I read this one before the Cornelia Otis Skinner that ended up on my 50 Books You Must Read list, but somehow didn’t get around to reading it – but Popcorn (1943) is the book which started off my devotion. And it’s such a lovely copy, too. Even if I hadn’t already known the name Cornelia Otis Skinner, I think I’d have nabbed this book – the condition, the feel of the boards, and the lovely detail on the front basically sum up everything I love most in literature. As you can see in this photo which, lamentably, I’ve taken at dead of night instead of in the glorious sunshine.
Like Nuts in May, this is a series of comic episodes in the life of a hapless wife, mother, and actress. It’s a heightened version of C.O.S.’s own life, complete with the admirably silly illustrations of Alajalov and Soglow, whoever they might be. And it comes with a preface by F. Tennyson Jesse, no less.
The best way to show her is by quotation, of course, and here is a fun example of her visiting a parent of one of her son’s friends, and feeling completely out of her depth:
Once, harbouring the quaint notion that it might be a maternal duty to catch an inside glimpse of the houses to which my son has entrée, I committed the grim error of calling for him at a residence whose marble exterior and wrought-iron garage-door should have forewarned me of the exclusive nature of the juvenile goings-on within. A butler answered the bell. Butlers not only frighten, they have an over-refining effect on me, and I hear myself using the broad “a” on words like “hat”. I murmured my son’s name and the fact that I had come to fetch him. He took me for a governess and started in the direction of a waiting group of nursemaids when I managed to gasp out that I was the child’s mother. This overt confession shocked him considerably and for a moment I wondered if I should send home for my marriage licence. Reluctantly he led me up a staircase that can only be described as palatial and, opening a period door, thrust me into a room of complete darkness.
I love it so much! This collection has quite a lot on the perils and pitfalls of motherhood, but also looks at topics as varied as yoga, the telephone, being ‘the paintable type’ (it isn’t a compliment), sailing, and astrology. This last is not an activity she relishes (as in Nuts in May, many of the short accounts detail her incapabilities and inaptness for various undertakings), and the opening of it is an example of her particular: the amusing employment of simile.
Of the many varieties of bore, one of the worst I know is the person who wants to point out the stars and constellations. This is a form of midsummer pest which, like the sand-fly, tends to ruin beach parties.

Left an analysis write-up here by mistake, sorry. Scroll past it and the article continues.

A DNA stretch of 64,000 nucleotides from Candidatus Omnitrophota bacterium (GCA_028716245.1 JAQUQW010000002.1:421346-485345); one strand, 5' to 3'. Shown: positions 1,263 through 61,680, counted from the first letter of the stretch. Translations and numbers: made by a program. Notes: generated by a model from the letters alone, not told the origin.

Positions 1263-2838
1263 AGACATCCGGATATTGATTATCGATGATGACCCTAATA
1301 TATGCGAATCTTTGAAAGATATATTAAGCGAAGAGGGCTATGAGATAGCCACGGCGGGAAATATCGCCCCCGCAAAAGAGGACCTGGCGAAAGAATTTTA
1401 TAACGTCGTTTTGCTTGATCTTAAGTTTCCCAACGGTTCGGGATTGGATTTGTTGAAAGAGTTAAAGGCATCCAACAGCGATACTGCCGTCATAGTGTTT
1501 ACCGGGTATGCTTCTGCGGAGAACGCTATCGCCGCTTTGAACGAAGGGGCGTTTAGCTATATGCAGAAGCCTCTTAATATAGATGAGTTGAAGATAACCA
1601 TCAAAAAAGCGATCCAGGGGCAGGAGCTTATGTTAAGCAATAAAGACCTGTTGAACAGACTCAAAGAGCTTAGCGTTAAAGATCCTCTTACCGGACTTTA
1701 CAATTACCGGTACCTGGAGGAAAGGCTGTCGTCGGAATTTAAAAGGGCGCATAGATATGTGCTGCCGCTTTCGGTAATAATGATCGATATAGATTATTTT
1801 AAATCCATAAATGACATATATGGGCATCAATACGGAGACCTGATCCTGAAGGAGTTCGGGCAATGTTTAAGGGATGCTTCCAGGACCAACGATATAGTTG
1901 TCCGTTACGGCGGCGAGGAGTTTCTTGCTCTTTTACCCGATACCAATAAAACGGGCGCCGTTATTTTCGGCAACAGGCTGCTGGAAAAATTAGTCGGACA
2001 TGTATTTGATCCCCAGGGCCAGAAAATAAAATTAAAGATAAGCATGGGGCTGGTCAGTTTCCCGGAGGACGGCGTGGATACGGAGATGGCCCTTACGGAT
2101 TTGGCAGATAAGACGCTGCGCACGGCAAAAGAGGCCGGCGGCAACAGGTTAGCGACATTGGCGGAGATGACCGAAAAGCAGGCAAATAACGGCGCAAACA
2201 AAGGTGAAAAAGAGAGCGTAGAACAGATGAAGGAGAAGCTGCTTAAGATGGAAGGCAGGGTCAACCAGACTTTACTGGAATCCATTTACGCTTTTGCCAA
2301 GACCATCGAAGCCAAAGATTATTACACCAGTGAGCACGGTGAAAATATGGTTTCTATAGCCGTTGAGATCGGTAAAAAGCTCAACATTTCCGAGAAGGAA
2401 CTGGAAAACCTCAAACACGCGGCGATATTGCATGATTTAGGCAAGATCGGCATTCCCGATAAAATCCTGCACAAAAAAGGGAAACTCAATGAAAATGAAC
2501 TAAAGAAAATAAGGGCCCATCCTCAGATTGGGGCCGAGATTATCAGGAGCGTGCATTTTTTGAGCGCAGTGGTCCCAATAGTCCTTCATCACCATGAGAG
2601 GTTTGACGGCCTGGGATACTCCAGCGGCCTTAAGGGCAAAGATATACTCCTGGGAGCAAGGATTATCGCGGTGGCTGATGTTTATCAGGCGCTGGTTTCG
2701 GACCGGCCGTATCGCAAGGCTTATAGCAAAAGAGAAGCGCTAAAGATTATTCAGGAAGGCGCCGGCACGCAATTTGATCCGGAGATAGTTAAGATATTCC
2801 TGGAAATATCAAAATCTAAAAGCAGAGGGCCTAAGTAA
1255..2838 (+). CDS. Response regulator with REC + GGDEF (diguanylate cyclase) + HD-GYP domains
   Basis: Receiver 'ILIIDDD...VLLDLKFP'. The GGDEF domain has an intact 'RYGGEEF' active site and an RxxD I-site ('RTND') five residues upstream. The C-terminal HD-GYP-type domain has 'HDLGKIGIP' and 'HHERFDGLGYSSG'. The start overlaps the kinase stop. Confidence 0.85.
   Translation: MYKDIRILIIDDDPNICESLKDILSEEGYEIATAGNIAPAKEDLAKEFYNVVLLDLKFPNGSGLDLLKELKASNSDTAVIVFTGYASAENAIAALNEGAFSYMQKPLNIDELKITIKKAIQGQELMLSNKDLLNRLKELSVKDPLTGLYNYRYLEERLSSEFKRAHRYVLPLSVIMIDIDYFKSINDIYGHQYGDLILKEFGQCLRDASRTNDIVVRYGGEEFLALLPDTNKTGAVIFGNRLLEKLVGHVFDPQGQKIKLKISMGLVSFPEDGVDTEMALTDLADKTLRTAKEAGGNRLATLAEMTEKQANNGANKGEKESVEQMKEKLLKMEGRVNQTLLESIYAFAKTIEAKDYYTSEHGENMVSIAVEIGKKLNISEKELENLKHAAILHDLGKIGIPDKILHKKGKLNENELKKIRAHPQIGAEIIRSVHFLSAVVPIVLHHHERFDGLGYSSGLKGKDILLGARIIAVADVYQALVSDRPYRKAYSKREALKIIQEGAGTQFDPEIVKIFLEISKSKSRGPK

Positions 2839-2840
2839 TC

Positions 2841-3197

And another from the same section…
Then too there is something about lying prone on the shore beside the type of creature who is generally a star-gazer that I find peculiarly distressing. It’s a little like dancing a tango with someone who is studying for the ministry.
It’s been a while since I read it, and any elaboration I would give would simply be repetitions of the same enthusiasm, but… if my previous excitement about Cornelia Otis Skinner didn’t make you dash out and get something by her then, this time, DO! Well, do if any of the quotations above amuse you, or if you find the Provincial Lady books amusing. Go on go on go on go on go on.
F. Tennyson Jesse’s preface starts off with an acknowledgement that ‘it may seem a strange time in which to publish such light-weight articles as go to make up this collection […] are we not all, including that vast country of which Miss Skinner is a citizen and which she has toured so often, engaged in a struggle for survival?’ The answer (of course) is yes – World War Two was waging, and America had entered it, but, like so many writers of the period, refuge was found in humour and an acknowledgement of the absurdity of everyday life at a time when it must have felt remote. ‘They stand, in their light-hearted way, for the very principle for which we are all fighting. There could not be a German Cornelia Otis Skinner – outside of a concentration camp.’ If this is not quite true, there certainly couldn’t have been a Nazi Cornelia Otis Skinner, and Popcorn certainly must have been not only a welcome diversion at the time, but a symbol of those who loved peace and longed for freedom. Today, whether for the same or different reasons, it is equally welcome.